A summary of the case analysis I N T R O D U C T I O N Preparing an effective case analysis: The full story Hearing with the aid of implanted technology: The case of Cochlear™ – an Australian C A S E O N E high-technology leader Delta Faucet: Global entrepreneurship in an emerging market C A S E T W O DaimlerChrysler: Corporate governance dynamics in a global company C A S E T H R E E Gunns and the greens: Governance issues in Tasmania C A S E F O U R Succeeding in the Sydney indie music industry C A S E F I V E Nucor in 2005 C A S E S I X News Corp in 2005: Consolidating the DirecTV acquisition C A S E S E V E N Shanghai Volkswagen: Implementing project management in the electrical engineering division C A S E E I G H T Television New Zealand: Balancing between commercial and social objectives C A S E N I N E From greenﬁeld to graduates: University of the Sunshine Coast C A S E T E N Whole Foods Market, 2005: Will there be enough organic food to satisfy the C A S E E L E V E N growing demand? Wal-Mart Stores Inc.: Dominating global retailing C A S E T W E L V E
INTRODUCTION A SUMMARY OF THE CASE ANALYSIS PROCESS
Case analysis is an essential part of a strategic management course and is also perhaps the most entertaining part of such a course. The ‘full story’ that follows this summary gives you considerable detail about how to go about a case analysis, but for now here is a brief account. Before we start, a word about attitude – make it a real exercise. You have a set of historical facts; use a rigorous system to work out what strategies should be followed. All the cases are about real companies, and one of the entertaining bits of the analysis process is to compare what you have said they should do with what they really have done. So, it is best not to check the Internet to see current strategies until you have completed your analysis. What follows is one analytical system, a fairly tight one that you may want to adapt according to how much time you have and the style of the case.
in the Australian ice-cream industry, the demographic analysis may have this comment: ‘A large baby boomer generation is now becoming more health-conscious. This presents opportunities in health foods and healthy alternatives for conventional foods. It also presents opportunities for low-fat ice creams.’ Or, in analysing the demographics of the Cochlear™ ﬁrm, you may conclude that there is a global market of 1.8 million profoundly deaf people and that this provides a huge undeveloped market for the implantable hearing devices industry.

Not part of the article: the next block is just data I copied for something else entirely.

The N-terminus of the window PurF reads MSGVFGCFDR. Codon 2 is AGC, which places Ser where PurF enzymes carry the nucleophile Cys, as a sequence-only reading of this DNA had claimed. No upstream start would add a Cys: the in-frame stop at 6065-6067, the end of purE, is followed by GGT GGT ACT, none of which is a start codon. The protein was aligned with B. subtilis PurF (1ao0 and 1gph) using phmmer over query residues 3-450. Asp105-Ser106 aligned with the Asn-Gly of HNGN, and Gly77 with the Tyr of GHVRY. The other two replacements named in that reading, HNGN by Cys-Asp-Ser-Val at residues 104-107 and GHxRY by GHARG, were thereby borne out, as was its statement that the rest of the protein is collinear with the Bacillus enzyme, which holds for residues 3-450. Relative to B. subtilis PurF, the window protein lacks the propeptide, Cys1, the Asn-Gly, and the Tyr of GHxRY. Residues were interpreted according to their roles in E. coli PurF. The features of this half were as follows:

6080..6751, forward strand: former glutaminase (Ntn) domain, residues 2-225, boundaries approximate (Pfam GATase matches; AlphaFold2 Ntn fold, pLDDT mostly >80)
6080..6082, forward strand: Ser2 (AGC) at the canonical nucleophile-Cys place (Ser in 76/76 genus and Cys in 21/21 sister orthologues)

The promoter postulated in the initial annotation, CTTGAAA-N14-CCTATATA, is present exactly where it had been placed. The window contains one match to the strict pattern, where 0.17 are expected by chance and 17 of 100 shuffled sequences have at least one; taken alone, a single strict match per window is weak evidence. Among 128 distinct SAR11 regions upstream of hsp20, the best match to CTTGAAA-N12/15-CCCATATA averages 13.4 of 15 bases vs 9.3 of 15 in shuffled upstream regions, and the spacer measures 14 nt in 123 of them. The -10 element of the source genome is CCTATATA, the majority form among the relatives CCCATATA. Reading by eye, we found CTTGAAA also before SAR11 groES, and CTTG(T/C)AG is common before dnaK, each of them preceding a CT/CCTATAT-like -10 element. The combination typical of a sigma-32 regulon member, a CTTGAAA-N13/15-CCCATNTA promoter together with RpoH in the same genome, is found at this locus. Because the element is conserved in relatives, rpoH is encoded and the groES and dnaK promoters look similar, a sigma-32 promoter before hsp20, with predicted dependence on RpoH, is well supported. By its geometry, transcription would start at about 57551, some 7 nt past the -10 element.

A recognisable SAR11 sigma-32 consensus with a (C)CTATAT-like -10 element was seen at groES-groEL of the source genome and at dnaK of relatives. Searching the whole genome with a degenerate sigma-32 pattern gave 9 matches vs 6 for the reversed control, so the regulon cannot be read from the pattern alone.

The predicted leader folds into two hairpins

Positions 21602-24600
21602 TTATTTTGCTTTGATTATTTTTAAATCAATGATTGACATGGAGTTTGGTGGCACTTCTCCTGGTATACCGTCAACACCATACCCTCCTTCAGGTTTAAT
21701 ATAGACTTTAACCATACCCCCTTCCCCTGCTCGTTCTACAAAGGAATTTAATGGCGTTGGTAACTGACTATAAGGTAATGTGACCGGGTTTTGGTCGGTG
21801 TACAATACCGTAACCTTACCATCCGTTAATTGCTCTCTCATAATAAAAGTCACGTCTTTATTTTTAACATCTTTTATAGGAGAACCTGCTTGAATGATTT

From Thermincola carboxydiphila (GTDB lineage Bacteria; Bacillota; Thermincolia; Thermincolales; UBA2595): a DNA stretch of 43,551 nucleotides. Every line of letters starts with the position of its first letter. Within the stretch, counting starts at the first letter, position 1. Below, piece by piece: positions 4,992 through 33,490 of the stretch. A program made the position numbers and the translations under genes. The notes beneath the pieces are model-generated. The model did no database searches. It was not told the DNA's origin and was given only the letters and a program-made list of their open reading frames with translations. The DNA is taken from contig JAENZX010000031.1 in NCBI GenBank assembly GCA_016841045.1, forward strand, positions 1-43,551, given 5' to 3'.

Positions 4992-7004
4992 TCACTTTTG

STEP 3 THE
E X T E R N A L A N A LY S I S
S T E P 1 W H AT
INDUSTRY IS IT?
You must decide on this early. This is an important step, because it changes the analysis – for example, your industry analysis will yield different conclusions depending on what industry you determine.
STEP 2 GENERAL
A N A LY S I S
Analyse the six generic elements – economic, sociocultural, global, technological, political/legal and demographic – and work out what the important facts are. There may be many issues and facts in each element, but you put down only the important ones. It is also important to avoid the common error of over-emphasis on the ﬁrm in question. So, assuming the ﬁrm operates
Analyse the ﬁve forces (that is, supplier power, buyer power, potential entrants, substitute products and rivalry among competitors) and explain brieﬂy what is signiﬁcant for each. For example, what are the issues involved in new entrants into the industry? For the implantable hearing devices industry, these may include the need for understanding of intricate new technology, possession of a reputation in the global deaf community for safe and effective product development, and links to research institutions. This makes the industry hard to enter. Each force needs a brief...
References: Shawcross, W., 1992, Murdoch, the Making of a Media Empire, Simon & Schuster.
Rapoport, C., 1993, ‘Linking the world with TV’, Fortune, Autumn/ Winter. 1995, ‘Comrade Murdoch’, Economist, 17 June. 1996, ‘The Gambler’s Last Throw’, Economist, 9 September.
1 2 3 4 Rupert Murdoch, 2004, ‘News hollywoodreporter.com, 22 June
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